According to a report in the BBC, at least six UK music festivals are expected to allow people to test their illegal drugs this summer.
It’s after a number of drug-related deaths in recent years. Reading and Leeds Festivals and a number of other live music events are aiming to introduce the scheme with the support of local police forces.
Melvin Benn from Festival Republic revealed the scheme to the Press Association and expects it at “between six and 10 festivals this year”. “We talked about it during the summer of last year and the reality is that I took a decision that unless and until the National Police Chiefs’ Council supported the principle of it, it was difficult for us to move forward on it.”
He says he’s now seen a draft of an agreement that will make it easier for forces across the country to support the scheme but has revealed it won’t be introduced at Download next month.
“We’ll see it this year for definite… at Leeds I’m pretty certain. “It’s taken a long time and it won’t be at every festival, but where we think there is a need to do it we will be doing it.”
Melvin Benn, who also organises Latitude, V Festival, Wireless and other events for Live Nation, has been working on the plan since last summer. He’s waiting for confirmation of support from West Yorkshire Police and the National Police Chiefs’ Council. Festival-goers will be able to take their drugs to a testing tent run by The Loop, an organisation which usually conducts forensic testing of drugs seized by police.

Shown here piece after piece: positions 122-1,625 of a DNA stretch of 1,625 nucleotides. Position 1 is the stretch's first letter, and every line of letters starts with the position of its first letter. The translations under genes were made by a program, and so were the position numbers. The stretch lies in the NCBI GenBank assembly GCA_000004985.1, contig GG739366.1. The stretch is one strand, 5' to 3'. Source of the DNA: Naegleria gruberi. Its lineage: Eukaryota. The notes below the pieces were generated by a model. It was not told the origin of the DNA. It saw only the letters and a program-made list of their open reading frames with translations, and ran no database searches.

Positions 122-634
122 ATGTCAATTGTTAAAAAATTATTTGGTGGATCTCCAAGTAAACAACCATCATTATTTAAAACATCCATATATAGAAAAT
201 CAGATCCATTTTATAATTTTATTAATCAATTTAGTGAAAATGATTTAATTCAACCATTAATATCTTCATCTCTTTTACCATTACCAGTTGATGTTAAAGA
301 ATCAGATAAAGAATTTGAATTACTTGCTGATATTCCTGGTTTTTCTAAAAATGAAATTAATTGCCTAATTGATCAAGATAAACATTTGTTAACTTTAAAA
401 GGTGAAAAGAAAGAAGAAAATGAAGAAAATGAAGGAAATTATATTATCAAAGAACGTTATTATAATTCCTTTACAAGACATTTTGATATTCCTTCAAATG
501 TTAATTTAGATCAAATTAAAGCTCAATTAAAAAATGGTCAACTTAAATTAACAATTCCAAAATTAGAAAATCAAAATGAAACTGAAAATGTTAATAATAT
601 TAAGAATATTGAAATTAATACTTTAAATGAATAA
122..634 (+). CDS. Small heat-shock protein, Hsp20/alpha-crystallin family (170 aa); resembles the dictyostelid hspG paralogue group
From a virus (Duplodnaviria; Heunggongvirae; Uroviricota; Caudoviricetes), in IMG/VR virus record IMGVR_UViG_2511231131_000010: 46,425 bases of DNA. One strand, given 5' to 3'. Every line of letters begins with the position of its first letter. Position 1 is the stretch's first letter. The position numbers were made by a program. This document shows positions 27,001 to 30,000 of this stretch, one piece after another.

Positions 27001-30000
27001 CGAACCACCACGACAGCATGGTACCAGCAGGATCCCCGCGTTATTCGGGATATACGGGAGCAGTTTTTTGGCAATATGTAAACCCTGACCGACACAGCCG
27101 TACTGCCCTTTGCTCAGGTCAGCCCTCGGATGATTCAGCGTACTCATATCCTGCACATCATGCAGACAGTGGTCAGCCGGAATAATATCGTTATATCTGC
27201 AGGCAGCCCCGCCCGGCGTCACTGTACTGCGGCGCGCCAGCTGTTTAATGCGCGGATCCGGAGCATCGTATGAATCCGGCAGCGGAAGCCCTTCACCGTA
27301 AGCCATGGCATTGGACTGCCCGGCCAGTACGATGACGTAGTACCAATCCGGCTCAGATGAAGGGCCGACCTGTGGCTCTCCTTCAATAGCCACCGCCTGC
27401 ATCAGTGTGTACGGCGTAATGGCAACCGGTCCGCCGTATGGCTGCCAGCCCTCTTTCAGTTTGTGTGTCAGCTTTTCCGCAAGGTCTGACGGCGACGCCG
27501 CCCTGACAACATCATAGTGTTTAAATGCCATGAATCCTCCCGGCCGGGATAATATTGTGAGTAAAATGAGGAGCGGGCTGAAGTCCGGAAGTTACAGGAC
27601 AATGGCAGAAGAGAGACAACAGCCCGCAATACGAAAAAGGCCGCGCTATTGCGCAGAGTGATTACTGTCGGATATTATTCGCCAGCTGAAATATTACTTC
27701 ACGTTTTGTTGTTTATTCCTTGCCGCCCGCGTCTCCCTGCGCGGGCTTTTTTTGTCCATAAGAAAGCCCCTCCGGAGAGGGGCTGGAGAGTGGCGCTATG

Last year, Newsbeat was there when The Loop ran the scheme for the first time at a UK music festival. Around 200 people tested their illegal drugs at the Secret Garden Party in Cambridgeshire. Founder of the organisation, Fiona Measham from Durham University, said the scheme’s expansion was “radical”. “It’s really exciting that police are prioritising health and safety over criminal justice at festivals,” she said. She thinks up to 10 festivals will be involved this year, including a number of independent events, and hopes testing will become more common in clubs and city centres in the future as well.
As well as 17-year-old Lewis Haunch’s death at Leeds Festival last August, two teenagers died at T In The Park in what were thought to be drug-related incidents. West Yorkshire Police assistant chief constable Andy Battle, who leads the policing operation at Leeds, said they were “looking at the possibility of supporting the festival’s organisers”.
“We can never condone the use of illegal drugs, but we recognise that some people will continue to take them and we need to adapt our approach in the interests of public safety.”